This poem follows the amblings of two bears through Victorian England as part of a clan of gypsies. The poem makes use of English Romani words for towns and cities, these words say something secret about how gypsies feel about these places, for example: Lincolnshire is Pappin-eskey Tem, which means flat duck county. Oxford is Lil-engreskey gav, or the town made of books. Suffolk is known to Romanis as Dinelo tem, or the fools' county.


For Gabriel John Keenan Morley

PawPaw and Paprika, two great bears of the Egyptians
of Lancashire, the Witches’ County, Chohawniskey Tem

who, when our camp plucked its tents and pulled out its maps,
walked steadily with the wagons, ambling, always ambling,

all across the open pages of wet England, footing
as far as Pappin-eskey Tem, the flat Duck County,

crossing to Curo-mengreskey Gav, the Boxers’ Town;
padded on to Paub-pawnugo Tem, Apple-Water County

as good for bears as for their Gypsy masters, although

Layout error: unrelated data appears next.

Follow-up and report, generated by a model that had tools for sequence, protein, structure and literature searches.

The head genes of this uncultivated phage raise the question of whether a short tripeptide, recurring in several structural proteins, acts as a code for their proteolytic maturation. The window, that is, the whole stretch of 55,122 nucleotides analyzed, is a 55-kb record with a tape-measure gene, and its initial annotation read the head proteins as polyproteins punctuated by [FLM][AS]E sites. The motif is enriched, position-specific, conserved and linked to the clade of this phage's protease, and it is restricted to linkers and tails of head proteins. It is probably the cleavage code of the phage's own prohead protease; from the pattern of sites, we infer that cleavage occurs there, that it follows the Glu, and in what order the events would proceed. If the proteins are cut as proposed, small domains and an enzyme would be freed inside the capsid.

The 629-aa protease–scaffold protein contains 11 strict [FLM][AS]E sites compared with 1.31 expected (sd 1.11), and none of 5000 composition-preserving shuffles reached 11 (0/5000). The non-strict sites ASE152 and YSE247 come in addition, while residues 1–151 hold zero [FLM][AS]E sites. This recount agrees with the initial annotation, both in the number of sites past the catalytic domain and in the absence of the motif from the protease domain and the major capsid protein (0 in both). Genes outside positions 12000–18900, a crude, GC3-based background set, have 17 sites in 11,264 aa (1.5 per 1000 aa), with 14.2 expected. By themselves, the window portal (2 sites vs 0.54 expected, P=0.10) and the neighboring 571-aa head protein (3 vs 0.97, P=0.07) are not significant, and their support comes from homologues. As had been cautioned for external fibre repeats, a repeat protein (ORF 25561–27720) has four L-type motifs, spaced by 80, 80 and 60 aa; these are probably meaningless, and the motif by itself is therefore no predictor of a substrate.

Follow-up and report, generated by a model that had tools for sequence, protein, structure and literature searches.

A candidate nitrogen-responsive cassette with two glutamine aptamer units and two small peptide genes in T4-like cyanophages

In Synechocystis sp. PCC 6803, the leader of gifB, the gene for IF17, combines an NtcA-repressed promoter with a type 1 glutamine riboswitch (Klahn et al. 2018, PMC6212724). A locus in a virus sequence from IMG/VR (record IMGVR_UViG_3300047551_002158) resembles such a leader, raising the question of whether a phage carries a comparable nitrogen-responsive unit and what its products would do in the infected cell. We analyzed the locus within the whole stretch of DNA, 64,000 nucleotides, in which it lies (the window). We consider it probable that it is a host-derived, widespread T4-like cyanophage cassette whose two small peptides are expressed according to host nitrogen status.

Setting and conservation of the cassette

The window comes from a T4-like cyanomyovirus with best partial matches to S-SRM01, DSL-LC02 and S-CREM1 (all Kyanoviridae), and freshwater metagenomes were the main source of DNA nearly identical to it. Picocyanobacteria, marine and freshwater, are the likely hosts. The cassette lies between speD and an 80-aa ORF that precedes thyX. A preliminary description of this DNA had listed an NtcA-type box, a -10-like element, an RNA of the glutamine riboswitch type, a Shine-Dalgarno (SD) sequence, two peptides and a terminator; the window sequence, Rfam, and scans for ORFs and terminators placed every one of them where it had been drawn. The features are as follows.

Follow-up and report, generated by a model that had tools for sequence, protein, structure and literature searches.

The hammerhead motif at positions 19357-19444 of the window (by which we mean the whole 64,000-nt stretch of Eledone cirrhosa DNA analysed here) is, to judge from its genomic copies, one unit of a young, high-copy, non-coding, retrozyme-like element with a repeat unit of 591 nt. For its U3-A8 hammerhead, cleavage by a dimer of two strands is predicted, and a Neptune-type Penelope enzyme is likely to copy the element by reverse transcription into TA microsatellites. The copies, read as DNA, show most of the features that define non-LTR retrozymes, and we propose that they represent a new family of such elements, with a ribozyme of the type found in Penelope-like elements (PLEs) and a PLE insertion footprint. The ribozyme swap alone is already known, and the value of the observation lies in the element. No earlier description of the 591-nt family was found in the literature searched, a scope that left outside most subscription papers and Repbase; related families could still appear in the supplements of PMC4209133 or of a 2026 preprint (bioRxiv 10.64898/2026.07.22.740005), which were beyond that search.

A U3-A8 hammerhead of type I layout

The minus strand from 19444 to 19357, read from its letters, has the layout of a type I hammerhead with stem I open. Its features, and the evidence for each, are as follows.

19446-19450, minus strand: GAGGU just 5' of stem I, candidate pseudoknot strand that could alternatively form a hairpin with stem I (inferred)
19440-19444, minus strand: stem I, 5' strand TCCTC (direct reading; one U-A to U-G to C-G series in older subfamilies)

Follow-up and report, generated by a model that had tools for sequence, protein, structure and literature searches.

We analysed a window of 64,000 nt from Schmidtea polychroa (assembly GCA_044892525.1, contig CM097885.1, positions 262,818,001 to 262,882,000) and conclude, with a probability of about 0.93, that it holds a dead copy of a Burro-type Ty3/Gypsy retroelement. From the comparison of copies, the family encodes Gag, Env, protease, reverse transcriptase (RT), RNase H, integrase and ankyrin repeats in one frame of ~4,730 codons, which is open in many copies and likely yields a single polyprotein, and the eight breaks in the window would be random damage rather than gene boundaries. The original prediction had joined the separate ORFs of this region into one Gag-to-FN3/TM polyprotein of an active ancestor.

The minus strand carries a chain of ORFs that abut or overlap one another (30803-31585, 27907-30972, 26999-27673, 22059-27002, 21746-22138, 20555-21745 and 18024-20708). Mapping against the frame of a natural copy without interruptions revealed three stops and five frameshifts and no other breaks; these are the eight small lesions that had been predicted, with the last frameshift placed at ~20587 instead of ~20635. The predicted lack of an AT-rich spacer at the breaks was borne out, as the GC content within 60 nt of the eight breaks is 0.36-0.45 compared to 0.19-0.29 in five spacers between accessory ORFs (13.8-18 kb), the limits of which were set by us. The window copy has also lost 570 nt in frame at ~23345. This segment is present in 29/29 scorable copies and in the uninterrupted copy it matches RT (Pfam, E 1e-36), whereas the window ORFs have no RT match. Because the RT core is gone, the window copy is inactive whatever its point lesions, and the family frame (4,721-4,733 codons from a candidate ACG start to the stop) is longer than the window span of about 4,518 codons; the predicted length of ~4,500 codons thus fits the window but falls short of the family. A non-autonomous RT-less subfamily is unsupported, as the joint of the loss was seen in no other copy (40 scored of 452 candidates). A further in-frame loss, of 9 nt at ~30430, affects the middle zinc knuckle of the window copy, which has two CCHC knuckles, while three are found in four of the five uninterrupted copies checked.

who is master is moot after much apple-water;

then to bide by Bokra-mengreskey Tem, Shepherds’ County,
for their collies are trained not to bark at bears, but slyly, gently,

slink big-eyed as children behind their shepherd’s greeting.

Ambling, bears, always ambling… mooching to Mi-develeskey Tem,
My God’s Town, the God for all bears too,

God of paws and padding, of Polar, Kodiak and Koala;
sniffing superiorly through Dinelo Tem, the Fools’ County;

circling with our circus to Shammin-engreskey Gav, Chairmakers’ Town,
nosing north through Lil-engreskey Gav, a Town Made of Readers,

then paws over eyes for Kaulo Gav, The Black Town;
joy at Jinney-mengreskey Gav, The Sharpers’ Town;

to Lancashire as it was then, wider county of white witches,
to the clean camps, to the great brown bears of the Egyptians.

To PawPaw and Paprika, backwards in time they go, pad pad. Goodbye.

The bears’ route: Lancashire to Lincolnshire to Nottingham to Herefordshire to Sussex to Canterbury through Suffolk to Windsor through Oxford to Birmingham to Manchester and Lancashire.

from The Invisible Kings (Carcanet, 2007), © David Morley 2007, used by permission of the author and the publisher

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